Although Floralife research suggests that it is more effective than any alternative, my results showed that both lemon-lime soda and sugar water can help keep flowers fresh for the longest time. This suggests that florists and consumers could save by using sugar water instead of the more costly floral preservatives.

Science Fair Project Ideas

If you’re having trouble coming up with a topic that interests you, below are some science fair ideas for inspiration:

  • Soaking pennies: A long-time favorite of elementary school students, dirty pennies are collected in this experiment and soaked in a variety of acidic liquids such as lime juice, lemon juice, vinegar and salsa. This experiment is best for kindergartners or first graders.
  • Creating circuits: Students interested in technology can make simple circuits using everyday objects. This is also most suitable for kindergartners or first graders.
  • Rainbow rubber eggs: This fun experiment involves submerging eggs in vinegar, adding a few drops of food coloring and waiting a few days to see some cool results.
  • Teleidoscopes: These objects are like kaleidoscopes but do not have an end, allowing you to view anything you want. Looking through one of these is a fantastic experience. This project is most appropriate for kids between second and fourth grade.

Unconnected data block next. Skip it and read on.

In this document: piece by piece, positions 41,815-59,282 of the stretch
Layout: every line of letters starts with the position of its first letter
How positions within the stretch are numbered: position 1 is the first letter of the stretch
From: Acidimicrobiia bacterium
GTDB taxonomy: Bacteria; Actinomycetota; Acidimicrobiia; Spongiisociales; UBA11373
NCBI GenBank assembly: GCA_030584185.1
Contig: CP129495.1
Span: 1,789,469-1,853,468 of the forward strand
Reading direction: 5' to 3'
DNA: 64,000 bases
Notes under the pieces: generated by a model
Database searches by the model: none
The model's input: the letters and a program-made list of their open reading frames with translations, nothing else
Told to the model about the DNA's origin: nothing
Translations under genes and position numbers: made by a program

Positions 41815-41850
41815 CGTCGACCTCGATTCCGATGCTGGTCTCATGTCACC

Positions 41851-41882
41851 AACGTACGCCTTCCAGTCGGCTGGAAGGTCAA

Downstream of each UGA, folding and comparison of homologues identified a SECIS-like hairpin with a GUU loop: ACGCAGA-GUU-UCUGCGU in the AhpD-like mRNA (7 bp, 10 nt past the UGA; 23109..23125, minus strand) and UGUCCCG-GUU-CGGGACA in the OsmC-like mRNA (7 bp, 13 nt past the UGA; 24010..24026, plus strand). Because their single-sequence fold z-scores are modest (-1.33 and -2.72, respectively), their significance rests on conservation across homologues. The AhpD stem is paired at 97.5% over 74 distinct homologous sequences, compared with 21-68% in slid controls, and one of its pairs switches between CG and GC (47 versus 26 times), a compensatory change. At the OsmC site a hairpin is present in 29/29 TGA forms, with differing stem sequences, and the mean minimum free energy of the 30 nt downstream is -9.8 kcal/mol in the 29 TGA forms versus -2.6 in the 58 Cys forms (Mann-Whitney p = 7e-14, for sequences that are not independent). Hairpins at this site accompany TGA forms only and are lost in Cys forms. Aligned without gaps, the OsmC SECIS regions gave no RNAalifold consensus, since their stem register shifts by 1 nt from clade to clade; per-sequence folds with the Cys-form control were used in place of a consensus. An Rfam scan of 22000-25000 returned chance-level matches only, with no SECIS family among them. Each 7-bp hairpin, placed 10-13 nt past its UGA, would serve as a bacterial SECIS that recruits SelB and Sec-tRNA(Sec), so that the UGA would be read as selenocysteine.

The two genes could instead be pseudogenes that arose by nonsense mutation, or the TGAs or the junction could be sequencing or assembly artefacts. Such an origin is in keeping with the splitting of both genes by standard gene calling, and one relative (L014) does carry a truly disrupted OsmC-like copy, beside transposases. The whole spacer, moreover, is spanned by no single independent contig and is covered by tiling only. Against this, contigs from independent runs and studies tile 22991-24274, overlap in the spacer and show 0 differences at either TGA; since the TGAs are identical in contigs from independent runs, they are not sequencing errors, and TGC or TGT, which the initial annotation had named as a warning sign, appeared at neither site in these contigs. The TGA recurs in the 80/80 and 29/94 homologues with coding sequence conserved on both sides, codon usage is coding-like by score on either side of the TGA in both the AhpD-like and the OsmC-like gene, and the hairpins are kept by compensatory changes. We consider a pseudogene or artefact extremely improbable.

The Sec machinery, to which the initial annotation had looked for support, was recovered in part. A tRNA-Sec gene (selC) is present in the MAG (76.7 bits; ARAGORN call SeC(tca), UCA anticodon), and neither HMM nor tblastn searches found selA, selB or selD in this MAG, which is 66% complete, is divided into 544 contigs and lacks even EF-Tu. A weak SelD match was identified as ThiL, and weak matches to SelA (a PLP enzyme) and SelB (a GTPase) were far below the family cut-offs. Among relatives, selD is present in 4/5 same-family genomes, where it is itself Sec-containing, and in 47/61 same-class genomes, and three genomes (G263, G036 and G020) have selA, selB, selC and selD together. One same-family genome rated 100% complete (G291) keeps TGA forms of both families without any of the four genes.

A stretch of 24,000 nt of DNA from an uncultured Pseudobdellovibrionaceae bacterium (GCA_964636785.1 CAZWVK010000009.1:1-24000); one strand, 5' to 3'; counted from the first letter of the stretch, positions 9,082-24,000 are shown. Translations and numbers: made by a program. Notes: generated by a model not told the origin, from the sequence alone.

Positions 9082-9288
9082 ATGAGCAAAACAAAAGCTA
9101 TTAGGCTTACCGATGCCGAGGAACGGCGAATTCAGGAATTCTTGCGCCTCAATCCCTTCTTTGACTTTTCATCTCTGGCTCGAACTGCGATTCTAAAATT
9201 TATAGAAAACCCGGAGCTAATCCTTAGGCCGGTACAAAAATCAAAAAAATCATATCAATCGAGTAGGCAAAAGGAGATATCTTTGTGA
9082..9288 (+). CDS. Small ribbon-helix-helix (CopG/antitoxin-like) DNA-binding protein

• Density tower: This experiment involves layering liquids of different densities on top of one another without having them mix together.
  • Growing salt crystals: Salt crystals can be grown overnight in the fridge.

General science fair tips

General Tips

In addition to the necessary steps mentioned above, we’d also like to share some general tips to boost the quality of your presentation.

  • Document everything: Through the entire process, record all your activities, thoughts and findings in a journal. Some science fairs actually request that you include your notebook as part of your presentation. For professional scientists, keeping a detailed log of their experiments is critical.
  • Write on separate pieces of paper: It’s much easier to write all titles and other text on pieces of paper and then glue them to your board than to write directly on the board. You can also type them out with a computer and use attention-grabbing colors and fonts — just make sure that the font and font size are easy to read from a few feet away.
  • Take photos: One of the easiest ways to help explain the process is with pictures, so remember to keep a camera nearby and take photos throughout the experiment. Then, print out your best photos and include them on your board — breaking up the text with pictures will make your project easier to digest. 
  • Make it colorful: If your teachers allow it, consider buying a colorful board. Other ways to add color include printing out your titles and text on colored construction paper, scrapbook paper or cardstock. You can also make your project pop with stickers, cut-out letters or colored paper.